Inhibitors; Antibiotic Resistance; Protein Purification
All Rights Retained by Drew Phelan and Bryant University
In recent years the frequency of antibiotic resistance has been on the rise creating a need for antibiotic development with specific and lethal targets. It has been recently reported that glycosyl trizole are a novel class of antibacterial agents (1). Further investigation on the antibacterial ability of glycosyl triazole inhibitors has shown that targets include exo-acting N-acetylglucosaminidases (GlcNAcase) LytG (Bacillus subtilis) and FlgJ (Salmonella enterica) of the GH73 family (2). The Glycoside Hydrolase Family 73 (GH73) is characterized by bacterial and viral glycoside hydrolase. This enzyme cleaves the β-1,4-glycosidic linkage between N-acetylglucosaminyl (NAG) and N-acetylmuramyl (NAM) of the carbohydrate backbone in bacterial peptidoglycan. Glycoside hydrolase can occur as an endo- or exo- process, depending on the region of the chain that is cleaved. Endo-acting refers to activity in the middle of the chain, whereas exo-acting refers to the ends (typically the non-reducing end) (3). Currently, there is no kinetic parameters that have been determined for any member of the GH73 family, however binding and kinetic characterization will be performed for select glycosyl triazole inhibitors and GH73 targets interactions. Further studies will involve crystallization and GlcNAcase activity assays to identify GH73 family members as the target of glycosyl triazole inhibitors. Through these studies the interaction between the non-competing inhibitor and the GH73 target will be characterized. Additionally, it will be demonstrated that these Ugi- derived compounds are competitive inhibitors of GH73 enzymes.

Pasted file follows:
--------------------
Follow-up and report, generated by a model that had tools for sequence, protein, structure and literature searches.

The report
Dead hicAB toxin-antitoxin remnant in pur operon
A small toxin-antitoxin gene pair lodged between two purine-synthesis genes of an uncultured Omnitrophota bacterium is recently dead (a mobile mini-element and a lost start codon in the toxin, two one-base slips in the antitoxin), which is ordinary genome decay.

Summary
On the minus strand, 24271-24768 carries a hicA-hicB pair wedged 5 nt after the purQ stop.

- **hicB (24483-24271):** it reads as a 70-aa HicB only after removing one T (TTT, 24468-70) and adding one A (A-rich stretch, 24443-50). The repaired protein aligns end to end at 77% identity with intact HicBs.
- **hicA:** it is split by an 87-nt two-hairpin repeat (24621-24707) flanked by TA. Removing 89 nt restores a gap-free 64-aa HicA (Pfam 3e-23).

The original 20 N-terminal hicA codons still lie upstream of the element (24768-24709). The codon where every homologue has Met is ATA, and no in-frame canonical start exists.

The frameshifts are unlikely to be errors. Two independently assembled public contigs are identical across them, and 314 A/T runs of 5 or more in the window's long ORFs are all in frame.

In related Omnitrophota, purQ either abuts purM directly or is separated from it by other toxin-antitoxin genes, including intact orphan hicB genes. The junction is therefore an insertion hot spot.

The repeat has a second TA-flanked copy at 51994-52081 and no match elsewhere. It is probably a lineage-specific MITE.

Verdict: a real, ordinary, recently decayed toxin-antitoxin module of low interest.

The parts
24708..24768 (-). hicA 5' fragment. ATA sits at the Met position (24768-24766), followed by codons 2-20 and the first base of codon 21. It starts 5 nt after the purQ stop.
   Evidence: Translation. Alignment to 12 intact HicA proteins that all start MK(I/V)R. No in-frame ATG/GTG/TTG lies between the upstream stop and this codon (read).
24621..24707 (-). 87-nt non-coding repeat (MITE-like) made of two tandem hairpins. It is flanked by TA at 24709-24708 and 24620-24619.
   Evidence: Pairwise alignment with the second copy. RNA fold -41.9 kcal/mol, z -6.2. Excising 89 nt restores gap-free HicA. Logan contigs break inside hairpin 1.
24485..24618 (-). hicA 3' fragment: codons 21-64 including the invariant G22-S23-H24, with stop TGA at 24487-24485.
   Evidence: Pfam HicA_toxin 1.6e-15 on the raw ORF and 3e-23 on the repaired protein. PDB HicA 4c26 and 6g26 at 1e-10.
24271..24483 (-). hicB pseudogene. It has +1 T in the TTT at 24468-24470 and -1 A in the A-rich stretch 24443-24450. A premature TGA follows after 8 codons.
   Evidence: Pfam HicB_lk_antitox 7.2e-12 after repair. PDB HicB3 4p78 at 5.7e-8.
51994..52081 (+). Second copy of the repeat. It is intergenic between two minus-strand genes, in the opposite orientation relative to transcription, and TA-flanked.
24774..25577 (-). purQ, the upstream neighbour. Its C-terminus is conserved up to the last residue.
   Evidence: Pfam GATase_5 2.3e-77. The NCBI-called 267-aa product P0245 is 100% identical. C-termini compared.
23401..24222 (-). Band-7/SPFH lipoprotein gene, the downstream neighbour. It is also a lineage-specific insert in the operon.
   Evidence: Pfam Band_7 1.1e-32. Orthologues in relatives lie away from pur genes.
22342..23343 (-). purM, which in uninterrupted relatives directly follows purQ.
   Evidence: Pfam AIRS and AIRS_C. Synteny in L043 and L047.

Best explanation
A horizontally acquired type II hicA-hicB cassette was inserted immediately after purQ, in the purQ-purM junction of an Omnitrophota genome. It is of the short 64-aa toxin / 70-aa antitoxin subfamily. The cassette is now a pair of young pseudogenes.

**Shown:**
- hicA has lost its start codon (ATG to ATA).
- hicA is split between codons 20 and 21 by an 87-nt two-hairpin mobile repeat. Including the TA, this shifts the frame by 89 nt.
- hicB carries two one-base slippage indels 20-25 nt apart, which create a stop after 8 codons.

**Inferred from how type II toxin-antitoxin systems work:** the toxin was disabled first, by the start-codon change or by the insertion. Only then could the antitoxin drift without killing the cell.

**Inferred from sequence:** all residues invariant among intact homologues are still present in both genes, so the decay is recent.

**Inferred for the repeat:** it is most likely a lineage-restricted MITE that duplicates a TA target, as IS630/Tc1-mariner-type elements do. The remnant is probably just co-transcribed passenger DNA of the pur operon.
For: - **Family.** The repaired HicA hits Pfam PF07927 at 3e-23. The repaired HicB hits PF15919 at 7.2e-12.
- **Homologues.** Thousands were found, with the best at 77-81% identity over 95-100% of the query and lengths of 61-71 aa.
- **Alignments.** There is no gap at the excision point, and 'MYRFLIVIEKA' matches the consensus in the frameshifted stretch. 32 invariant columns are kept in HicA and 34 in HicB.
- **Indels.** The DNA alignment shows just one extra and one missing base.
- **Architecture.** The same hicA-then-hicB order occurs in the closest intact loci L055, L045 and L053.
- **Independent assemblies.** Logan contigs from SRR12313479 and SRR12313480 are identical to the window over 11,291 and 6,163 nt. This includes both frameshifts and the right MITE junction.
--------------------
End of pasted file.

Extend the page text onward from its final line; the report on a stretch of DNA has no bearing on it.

Recommended CitationPhelan, Drew, "Biochemical Characterization of Diamide Inhibitors with N-acetylglucosaminidases LytG from Bacillus subtilis" (2016). Honors Projects in Science and Technology. Paper 18.